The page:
The explosions could signal an emphatic rebuke of Kerry's peace initiative. The resurgent Taliban have little incentive for talks - demanding the departure of 13,000 foreign troops as a precondition for negotiations.
At least two explosions, and perhaps several more, shook Kabul's diplomatic zone Saturday night,shortly after US Secretary of State John Kerry left the Afghan capital
after an unannounced stop, which he used to call on the Taliban to reenter peace negotiations.
The nature of the blasts was not immediately clear, and authorities had limited information on casualties; however, the Taliban have recently been increasing their attacks against the government and military targets in the city. Gunshots were also reported.
"A rocket landed near a girls' school. There are no casualties," said Kabul police chief Abdul Rahman Rahimi.
Afghanistan's fractured government, led by President Ashraf Ghani, eagerly wants to jumpstart peace talks to end the fighting, which began in 2001 with a US-led military invasion of the country that toppled the Taliban from power.
However,the Islamic militant group has been riding a wave of military successes and has little incentive to negotiate right now.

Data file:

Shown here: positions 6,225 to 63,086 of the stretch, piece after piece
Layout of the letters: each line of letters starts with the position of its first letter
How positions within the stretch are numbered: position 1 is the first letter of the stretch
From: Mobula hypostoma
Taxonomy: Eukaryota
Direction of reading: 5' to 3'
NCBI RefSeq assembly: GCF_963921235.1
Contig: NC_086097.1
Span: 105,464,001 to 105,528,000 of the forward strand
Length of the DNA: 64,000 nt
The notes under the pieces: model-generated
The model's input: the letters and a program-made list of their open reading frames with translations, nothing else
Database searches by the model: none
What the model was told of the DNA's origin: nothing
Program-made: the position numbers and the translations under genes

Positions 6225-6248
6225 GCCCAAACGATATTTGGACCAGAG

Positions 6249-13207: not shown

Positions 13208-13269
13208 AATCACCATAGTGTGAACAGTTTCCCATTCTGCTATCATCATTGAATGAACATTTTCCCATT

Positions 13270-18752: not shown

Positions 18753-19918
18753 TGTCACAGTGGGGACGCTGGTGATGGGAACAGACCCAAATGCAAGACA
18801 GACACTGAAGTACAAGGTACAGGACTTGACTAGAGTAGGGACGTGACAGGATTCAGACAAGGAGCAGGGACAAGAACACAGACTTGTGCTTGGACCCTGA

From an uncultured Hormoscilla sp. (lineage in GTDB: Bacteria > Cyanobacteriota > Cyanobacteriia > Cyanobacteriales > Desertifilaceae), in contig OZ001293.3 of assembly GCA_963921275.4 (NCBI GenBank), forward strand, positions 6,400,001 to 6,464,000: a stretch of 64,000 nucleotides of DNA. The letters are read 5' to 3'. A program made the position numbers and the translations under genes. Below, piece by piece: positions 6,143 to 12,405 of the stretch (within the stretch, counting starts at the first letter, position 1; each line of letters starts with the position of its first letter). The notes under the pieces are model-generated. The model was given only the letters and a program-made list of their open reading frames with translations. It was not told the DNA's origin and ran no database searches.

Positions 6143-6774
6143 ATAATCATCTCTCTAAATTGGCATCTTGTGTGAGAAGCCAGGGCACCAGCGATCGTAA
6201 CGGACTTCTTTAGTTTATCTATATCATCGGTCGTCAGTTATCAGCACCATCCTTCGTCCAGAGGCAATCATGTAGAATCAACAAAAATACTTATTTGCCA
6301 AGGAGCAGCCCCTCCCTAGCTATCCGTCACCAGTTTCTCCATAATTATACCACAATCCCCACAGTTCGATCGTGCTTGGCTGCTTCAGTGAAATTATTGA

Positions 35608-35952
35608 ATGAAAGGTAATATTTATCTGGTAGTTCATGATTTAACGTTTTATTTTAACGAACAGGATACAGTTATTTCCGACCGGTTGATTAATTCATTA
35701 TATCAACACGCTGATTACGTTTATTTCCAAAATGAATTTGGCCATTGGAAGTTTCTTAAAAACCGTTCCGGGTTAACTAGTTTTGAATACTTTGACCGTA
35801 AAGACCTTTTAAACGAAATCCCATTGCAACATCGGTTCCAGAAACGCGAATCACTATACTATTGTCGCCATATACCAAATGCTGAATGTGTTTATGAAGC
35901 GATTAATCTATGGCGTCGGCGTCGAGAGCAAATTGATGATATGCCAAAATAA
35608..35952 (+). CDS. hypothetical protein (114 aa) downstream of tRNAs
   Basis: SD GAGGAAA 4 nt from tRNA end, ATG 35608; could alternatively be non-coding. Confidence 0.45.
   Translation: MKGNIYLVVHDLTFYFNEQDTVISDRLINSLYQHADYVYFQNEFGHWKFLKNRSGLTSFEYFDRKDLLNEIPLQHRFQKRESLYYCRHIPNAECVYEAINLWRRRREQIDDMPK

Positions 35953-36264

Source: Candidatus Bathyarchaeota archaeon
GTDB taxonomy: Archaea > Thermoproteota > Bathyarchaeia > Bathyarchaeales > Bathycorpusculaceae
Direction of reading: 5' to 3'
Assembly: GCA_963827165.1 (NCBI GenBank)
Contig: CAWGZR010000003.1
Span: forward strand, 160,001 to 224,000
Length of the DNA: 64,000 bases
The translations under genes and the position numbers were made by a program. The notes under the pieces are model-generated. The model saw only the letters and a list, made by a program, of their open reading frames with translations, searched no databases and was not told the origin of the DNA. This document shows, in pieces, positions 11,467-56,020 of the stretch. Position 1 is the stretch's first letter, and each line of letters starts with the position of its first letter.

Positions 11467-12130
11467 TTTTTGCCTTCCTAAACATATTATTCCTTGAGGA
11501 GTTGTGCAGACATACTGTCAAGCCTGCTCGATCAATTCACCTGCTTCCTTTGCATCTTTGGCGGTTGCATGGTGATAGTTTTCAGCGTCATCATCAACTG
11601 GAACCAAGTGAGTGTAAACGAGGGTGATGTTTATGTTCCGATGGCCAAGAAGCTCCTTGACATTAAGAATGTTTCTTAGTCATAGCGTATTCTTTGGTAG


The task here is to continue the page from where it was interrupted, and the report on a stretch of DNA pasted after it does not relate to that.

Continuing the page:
Their preconditions for peace talks are the departure of 13,000 foreign troops from Afghan soil. There are approximately 9,800 US soldiers in the country. They are limited to training and advisory roles since their combat mission officially ended in 2014.
Kerry seeks peace
"We discussed our shared goal of launching peace talks with the Taliban," Kerry said during a joint press conference with President Ghani in Kabul.
"We call on the Taliban to enter into a peace process, a legitimate process that brings an end to violence," he continued, saying: "Of course there is hope for peace."
Kerry also added that in July, "NATO allies and partners will gather in Warsaw in order to consider the next round of assistance for the Afghan National Defense and Security Forces."
Another meeting is also scheduled for October in Brussels, wheredonor countries will review development aid to Afghanistan.
This latest round of peace efforts began last July with the formation of four-party talks that included Afghanistan, the US, China and Pakistan. The talks soon ground to a halt, however, when it was discovered that the Taliban's founder Mullah Omar had died, setting off a round of internal fighting among the militants.
Besides a resurgent Taliban, Ghani's government is also riven by deep political and ethnic divisions. The country's flawed 2014 election left two men claiming victory: Ghani, a Pashtun, and Abdullah Abdullah, a Tajik.
Abdullah, who feels the election was stolen from him has the title of chief executive, but Ghani's title of president speaks for itself.
bik/bw (AFP, Reuters, AP)